6 Post-Pregnancy Body Changes You Didn't Expect

The top 5 post-pregnancy body changes that you never saw coming.

Medically Reviewed by Roy Benaroch, MD on August 25, 2015
4 min read

When you found out you were pregnant, you knew your life was going to change forever! So much to look forward to: bringing your baby home, seeing their first smile, hearing their first coo.

And you knew your body was in for some changes, too -- gaining weight during pregnancy, bigger breasts, maybe swollen ankles if you stayed on your feet too long.

But there are some changes that might surprise you. Here are five of them.

If you're not in the mood, you're not alone -- many new mothers see a drop in their sex drives.

"It can take up to a year to feel like you are really back in the mood for sex," says Hope Ricciotti, MD, an associate professor of obstetrics and gynecology at Harvard Medical School and a practicing obstetrician at Beth Israel Deaconess Hospital in Boston. "You are so focused on your child and your family that you have little to no time for yourself, and that includes sex."

You’re also tired and may not have any romantic moments for the first few months after baby is born to even think about the act that conceived your child, she says.

Mix these with estrogen levels that bottom back to normal post-childbirth, and sex drops to the tail end of your priority list. The good news: It will move back up.

"Estrogen levels rise during pregnancy, and fall abruptly after you give birth," says Silvana Ribaudo, MD, an obstetrician at Columbia Medical Center in New York. "The change in estrogen levels means a woman’s sex drive is probably pretty low. It rebounds, but it does take time."

You give birth, you lose your belly, right? Well, not that fast.

“After you give birth, lots of women expect that their belly will return to its normal size almost immediately,” Ribaudo says. “It takes about 6-8 weeks before the uterus is back to its prepregnancy size.”

Amanda Ezman of Oneida, N.Y. was among the new moms surprised by the size of her belly after she gave birth.

“I used the bathroom the day after my daughter was born, and looked in the mirror,” Ezman says. “I thought I would look a little different, but I still looked almost nine months pregnant.”

During pregnancy and after delivery, exerc and a healthy diet are key to getting your body back in shape (under the direction of your ob-gyn, of course).

“It takes time,” Ricciotti says. “Core exercises that focus on your belly do help in toning your baby bulge.”

Think the changes you experience from pregnancy happen mostly in your mid-section? You forgot about your feet.

"Yes, a woman’s feet swell during pregnancy,” Ricciotti says. “But after her baby is born, she may have a permanently different shoe size.”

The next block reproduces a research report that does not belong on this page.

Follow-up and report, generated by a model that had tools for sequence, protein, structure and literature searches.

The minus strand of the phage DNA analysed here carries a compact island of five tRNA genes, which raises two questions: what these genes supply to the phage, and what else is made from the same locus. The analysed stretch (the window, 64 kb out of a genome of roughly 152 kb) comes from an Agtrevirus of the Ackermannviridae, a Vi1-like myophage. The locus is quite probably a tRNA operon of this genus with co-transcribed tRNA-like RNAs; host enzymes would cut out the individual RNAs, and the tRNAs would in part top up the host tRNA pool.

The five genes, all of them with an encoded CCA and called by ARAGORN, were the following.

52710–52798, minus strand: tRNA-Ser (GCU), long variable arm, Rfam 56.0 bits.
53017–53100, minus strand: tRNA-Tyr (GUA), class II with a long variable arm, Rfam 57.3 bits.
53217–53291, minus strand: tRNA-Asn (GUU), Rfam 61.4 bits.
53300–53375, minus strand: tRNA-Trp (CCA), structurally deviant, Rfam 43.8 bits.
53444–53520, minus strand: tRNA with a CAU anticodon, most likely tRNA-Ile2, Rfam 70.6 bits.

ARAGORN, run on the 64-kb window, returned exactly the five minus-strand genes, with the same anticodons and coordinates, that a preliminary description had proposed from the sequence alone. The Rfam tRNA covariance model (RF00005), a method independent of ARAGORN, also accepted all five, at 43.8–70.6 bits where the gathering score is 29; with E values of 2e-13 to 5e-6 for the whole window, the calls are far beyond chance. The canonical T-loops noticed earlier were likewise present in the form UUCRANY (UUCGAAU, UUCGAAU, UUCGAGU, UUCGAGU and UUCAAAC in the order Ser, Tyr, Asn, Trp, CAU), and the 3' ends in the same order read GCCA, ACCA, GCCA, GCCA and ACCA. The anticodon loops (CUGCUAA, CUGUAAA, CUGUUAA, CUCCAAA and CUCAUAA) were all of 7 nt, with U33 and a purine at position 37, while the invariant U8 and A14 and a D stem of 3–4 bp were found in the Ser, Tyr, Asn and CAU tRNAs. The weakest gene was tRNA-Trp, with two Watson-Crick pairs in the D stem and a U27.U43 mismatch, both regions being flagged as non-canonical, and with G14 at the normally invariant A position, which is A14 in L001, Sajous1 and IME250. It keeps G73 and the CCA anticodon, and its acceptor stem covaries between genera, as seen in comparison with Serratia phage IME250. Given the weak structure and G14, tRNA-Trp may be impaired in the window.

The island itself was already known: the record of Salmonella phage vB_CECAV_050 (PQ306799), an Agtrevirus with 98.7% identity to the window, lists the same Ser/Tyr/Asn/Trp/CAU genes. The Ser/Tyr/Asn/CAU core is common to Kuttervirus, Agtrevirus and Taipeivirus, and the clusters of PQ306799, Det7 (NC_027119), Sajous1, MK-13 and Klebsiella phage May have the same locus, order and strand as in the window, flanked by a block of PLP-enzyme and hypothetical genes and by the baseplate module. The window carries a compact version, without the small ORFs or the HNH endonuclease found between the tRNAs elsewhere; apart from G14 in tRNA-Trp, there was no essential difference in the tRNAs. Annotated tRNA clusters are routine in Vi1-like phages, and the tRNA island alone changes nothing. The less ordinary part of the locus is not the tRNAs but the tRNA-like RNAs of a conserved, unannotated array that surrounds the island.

The American College of Obstetrics and Gynecologists (ACOG) recommends that average-sized women gain between 25-35 pounds during pregnancy. That extra weight puts your feet under pressure.

"The additional weight you carry may flatten the arch of your foot,” Ricciotti says. “With the arch flattened you might find that you need an extra half-inch larger shoe size to be comfortable.”

Hormones play a role here, too -- in particular, one called relaxin.

"It does just what it sounds like,” Ribaudo says. “It relaxes the muscle ligaments in your body to help prepare you for childbirth, but it’s not exclusive to your pelvic area. It also affects the rest of your body, including your feet.”

With loosened ligaments in your feet and an increase in body weight pushing down on your arch, your feet are primed to flatten and lengthen.

On the bright side? It's a great excuse to go shoe shopping.

A lot of women expect their breasts to get bigger before and after birth, especially if they continue breastfeeding. But just remember: what goes up…

"After you give birth and stop breastfeeding... that can leave your breasts looking not only saggy, as most women expect, but smaller as well," Ricciotti says.

It’s not uncommon for women to drop a cup size after pregnancy and breastfeeding, and it’s not over yet.

"The more children you have, the more your breasts tend to sag," Ricciotti says.

Don’t blame breastfeeding, though. A 2008 study of 93 women found that history of breastfeeding was not linked to their odds of having sagging breasts. Instead, the risk factors for sagging breasts were higher BMI, greater number of pregnancies, larger bra size before pregnancy, history of smoking, and older age.

Most women have fuller, shinier locks during pregnancy. After delivery, your hair goes back to normal -- and that may mean it looks like you're losing more hair than normal. But don't worry -- it all evens out.

During pregnancy, Ribaudo says, higher estrogen levels keep your hair from falling out at its normal rate.

So after pregnancy, when estrogen levels drop and return to normal, your hair has to catch up -- by falling out.

Your heavy shedding period happens one to five months following pregnancy, according to ACOG. Most pregnant women have this hair loss, but the good news is that it’s temporary. Hair loss peaks around 3-4 months after birth, but usually returns to normal within 6-12 months.